If you were capt Smith


James Hill

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Feb 20, 2002
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how would you handle the situation i would as my grandad told me
send out a CQD,SOS combinded message,sound siren
fire of all distress rockets
crew to boat stations,lifebelts on,5,6 boiler rooms have 18 minutes to draw fires and get out.
1,bread sack,barrel of fresh water,biscuits,compass,lantern and 2 flares in each lifeboat.
all passengers in lifebelts,1st,2nd,3rd c passengers to their own boat staitons,all 20 boats pull away from ship quickly,crew must throw overboard a dozen empty crates,chairs,doors,liferings,crew must built 2 rafts made out of,deckchairs-tied together with rope-held together with netting-4 ropes hold netting.band move out on deck and play to sooth peoples nerves with the song (thats played in the 53 film)and everyone must await there fate.

what would you do its all i can think of.i bet im wrong on the time the firemen had to draw the fires.and stictly WOMAN AND CHILDREN FIRST.
 
Dec 2, 2000
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Hi James, on the matter of sounding an alarm, under the circumstances, that was the very last thing that Captain Smith wanted to do. The deficit in lifeboat seats as opposed to those needing those seats wasn't exactly a state secret, and to sound the alarm almost certainly would have led to a panic that would have cost more lives.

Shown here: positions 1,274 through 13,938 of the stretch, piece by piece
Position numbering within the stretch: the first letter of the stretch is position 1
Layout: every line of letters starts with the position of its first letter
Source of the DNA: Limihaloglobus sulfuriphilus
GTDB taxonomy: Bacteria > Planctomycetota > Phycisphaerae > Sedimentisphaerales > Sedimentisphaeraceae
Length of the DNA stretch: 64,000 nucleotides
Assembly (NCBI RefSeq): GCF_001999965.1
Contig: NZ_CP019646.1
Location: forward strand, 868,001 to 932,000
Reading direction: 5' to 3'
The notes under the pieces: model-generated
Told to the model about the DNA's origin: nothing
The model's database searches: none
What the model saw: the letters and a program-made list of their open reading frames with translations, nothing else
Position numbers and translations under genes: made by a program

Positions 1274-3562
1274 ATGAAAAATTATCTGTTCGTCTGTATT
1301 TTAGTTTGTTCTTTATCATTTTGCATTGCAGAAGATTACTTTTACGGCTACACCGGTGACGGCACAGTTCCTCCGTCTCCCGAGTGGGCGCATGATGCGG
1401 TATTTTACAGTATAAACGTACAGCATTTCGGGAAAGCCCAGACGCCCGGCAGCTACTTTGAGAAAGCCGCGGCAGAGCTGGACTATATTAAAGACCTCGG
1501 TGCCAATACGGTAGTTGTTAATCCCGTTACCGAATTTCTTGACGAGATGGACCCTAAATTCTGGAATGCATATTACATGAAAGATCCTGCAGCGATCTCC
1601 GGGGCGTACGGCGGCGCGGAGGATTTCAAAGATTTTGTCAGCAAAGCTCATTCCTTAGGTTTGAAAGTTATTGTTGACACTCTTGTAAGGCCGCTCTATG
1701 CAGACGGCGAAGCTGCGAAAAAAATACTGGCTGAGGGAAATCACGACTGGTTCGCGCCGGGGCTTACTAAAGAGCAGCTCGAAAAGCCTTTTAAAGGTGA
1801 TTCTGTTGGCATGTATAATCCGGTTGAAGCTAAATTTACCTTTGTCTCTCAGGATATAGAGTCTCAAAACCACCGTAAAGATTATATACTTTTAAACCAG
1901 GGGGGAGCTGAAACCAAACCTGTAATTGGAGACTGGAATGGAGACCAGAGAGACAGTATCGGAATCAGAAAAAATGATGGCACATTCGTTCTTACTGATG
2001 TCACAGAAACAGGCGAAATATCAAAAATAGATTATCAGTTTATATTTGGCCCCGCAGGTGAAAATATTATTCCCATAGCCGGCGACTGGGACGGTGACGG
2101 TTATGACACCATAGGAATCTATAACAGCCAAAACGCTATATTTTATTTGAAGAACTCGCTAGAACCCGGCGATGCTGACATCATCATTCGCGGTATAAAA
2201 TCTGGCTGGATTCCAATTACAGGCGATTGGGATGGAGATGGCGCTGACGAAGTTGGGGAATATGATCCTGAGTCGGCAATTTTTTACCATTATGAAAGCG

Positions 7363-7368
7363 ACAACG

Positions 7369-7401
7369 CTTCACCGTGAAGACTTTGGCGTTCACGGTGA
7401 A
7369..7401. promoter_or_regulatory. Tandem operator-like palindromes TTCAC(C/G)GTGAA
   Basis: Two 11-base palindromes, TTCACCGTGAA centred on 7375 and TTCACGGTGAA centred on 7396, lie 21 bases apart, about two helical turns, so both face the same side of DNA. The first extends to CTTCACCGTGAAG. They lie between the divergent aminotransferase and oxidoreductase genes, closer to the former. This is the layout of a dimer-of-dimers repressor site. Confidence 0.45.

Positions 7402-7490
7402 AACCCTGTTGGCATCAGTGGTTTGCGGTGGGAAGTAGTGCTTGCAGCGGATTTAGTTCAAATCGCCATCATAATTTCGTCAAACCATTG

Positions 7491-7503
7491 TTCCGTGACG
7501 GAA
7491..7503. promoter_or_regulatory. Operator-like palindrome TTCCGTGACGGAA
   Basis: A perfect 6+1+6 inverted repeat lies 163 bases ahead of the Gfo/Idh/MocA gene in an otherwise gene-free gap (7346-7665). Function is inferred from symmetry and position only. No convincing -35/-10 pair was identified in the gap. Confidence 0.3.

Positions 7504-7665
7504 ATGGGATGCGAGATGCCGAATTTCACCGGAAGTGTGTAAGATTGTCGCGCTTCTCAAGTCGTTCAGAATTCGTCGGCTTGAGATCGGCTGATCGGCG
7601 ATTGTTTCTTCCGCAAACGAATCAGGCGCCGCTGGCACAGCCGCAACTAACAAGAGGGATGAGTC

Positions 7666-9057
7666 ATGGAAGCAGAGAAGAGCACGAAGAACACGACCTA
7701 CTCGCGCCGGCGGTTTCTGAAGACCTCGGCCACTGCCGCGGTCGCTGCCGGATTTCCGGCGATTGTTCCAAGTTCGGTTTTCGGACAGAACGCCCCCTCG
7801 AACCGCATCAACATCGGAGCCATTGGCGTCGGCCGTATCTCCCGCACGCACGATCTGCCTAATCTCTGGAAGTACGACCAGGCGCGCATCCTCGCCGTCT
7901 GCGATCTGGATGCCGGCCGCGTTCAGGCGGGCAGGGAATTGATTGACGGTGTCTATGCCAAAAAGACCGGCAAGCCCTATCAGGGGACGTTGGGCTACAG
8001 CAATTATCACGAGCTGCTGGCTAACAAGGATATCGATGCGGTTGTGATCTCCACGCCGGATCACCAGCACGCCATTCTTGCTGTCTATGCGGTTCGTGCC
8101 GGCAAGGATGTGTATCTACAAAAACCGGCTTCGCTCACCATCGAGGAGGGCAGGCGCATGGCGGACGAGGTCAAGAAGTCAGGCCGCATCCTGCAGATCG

It was a hard call to make. Smith was caught quite literally between the Devil and the deep blue sea and he knew people were going to die no matter what course he chose so he had to ask himself "How do I save the most lives without causing a general panic?"

The answer was to play things down, keep it cool, and get away as many people who arrived on the Boat Deck as they could.

A pretty cruel choice, but when you're long on problems and short on options, you do what you have to.
 

Dave Gittins

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Apr 11, 2001
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Certainly Smith could not raise a general alarm. James is assuming from the 1953 film that he could sound a siren and also that the passengers had boat stations. I'm afraid the film is wrong on both counts. (I've just seen the film, so I know it fairly well). In any case, as Mike says, he would not want to start a panic.

I think that he should have been far more careful to give clear orders to his officers. Five minutes with them would have been time well spent. Then he should have quietly supervised, unobtrusively seeing that the boats were filled. The officers seem to have acted very much on their own initiative. Lowe even left the ship without orders. Of course, all this really gets back to the lack of training that was the norm with White Star. While I personally don't think Captain Smith performed well, the problems were much deeper than the matter of one man's ability.
 

Erik Wood

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I think that he should have been far more careful to give clear orders to his officers.